Compensation is the total remuneration given to an employee for their contribution to the business’ success. The contribution can be in the form of knowledge, skills, time and commitment. It is usually awarded in the form of salary/wages but compensation is more than just the paycheck. It could be in the form of both cash or non-cash form. Good compensation is central to attracting, retaining and motivating highly skilled employees.
The most common types of compensation include:
- Base pay (hourly, weekly, monthly or annual)
- Profit sharing dividend
- Stock options
- Workers compensation
- Benefits such as medical insurance
- Allowances (travel, housing or meal)
- Gym and club memberships
- Vacation time
Overall, a compensation structure should have four key components:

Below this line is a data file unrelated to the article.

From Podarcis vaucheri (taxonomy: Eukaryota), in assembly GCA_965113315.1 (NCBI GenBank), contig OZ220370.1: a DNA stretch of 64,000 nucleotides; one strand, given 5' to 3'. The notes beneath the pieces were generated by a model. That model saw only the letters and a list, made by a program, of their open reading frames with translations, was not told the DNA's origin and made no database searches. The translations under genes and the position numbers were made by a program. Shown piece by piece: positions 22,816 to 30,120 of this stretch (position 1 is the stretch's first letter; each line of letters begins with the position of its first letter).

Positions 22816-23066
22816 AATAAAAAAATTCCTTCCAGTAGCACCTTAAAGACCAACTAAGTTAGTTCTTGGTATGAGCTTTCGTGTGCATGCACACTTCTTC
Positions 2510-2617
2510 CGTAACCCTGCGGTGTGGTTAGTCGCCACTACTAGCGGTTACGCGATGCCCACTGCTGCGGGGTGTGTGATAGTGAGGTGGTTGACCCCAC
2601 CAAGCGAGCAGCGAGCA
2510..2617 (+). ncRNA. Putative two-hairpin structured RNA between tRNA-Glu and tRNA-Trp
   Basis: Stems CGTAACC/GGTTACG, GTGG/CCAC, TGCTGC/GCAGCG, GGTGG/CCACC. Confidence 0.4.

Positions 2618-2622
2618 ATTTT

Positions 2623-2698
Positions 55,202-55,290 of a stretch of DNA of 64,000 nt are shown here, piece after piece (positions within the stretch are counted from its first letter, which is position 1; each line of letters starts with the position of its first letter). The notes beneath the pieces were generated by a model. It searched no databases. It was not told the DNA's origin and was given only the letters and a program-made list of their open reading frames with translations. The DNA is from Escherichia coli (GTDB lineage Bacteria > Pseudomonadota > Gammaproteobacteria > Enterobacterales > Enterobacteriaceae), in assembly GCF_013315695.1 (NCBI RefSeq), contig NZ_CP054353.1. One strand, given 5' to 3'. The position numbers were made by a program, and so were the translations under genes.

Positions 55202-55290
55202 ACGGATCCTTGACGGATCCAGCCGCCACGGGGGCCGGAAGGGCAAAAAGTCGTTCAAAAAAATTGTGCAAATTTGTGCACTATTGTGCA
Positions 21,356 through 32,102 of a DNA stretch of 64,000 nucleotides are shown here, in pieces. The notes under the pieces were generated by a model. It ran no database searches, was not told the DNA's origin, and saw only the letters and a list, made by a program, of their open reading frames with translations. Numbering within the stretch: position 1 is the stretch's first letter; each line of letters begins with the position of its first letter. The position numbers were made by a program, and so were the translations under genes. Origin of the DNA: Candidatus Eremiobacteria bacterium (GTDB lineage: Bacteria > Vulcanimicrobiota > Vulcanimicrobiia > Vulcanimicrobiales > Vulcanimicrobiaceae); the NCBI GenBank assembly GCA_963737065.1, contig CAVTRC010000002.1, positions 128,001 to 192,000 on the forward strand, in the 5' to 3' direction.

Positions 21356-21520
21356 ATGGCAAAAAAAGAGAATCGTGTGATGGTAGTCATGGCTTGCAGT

- Base pay
- Variable pay plans such as commissions and overtime.
- Benefits such as health insurance, gym memberships and vacation time
- Reward and recognition plans such as bonus and profit-sharing dividend.
To create a competitive compensation plan, a business should:
- Define a compensation philosophy that aligns with the business’ overarching vision and mission.
- Competitor research to establish what rivals and peers are paying.
- Conduct job analysis for each position.
- Set a base salary/wage for each role based on job role, industry benchmarks and relevant laws.
- Develop a plan for annual pay rise.
- Set a performance based plan for reviewing compensation.
Compensation is not solely at the business’ discretion or completely driven by market forces. Different jurisdictions have rules and regulations governing how companies can set compensation including a minimum wage. In the US for example, there are federal, stale and local laws.
Several factors determine compensation such as business financial health, business location, employee education, employee experience, competitor salary, employee productivity and local rules/regulations.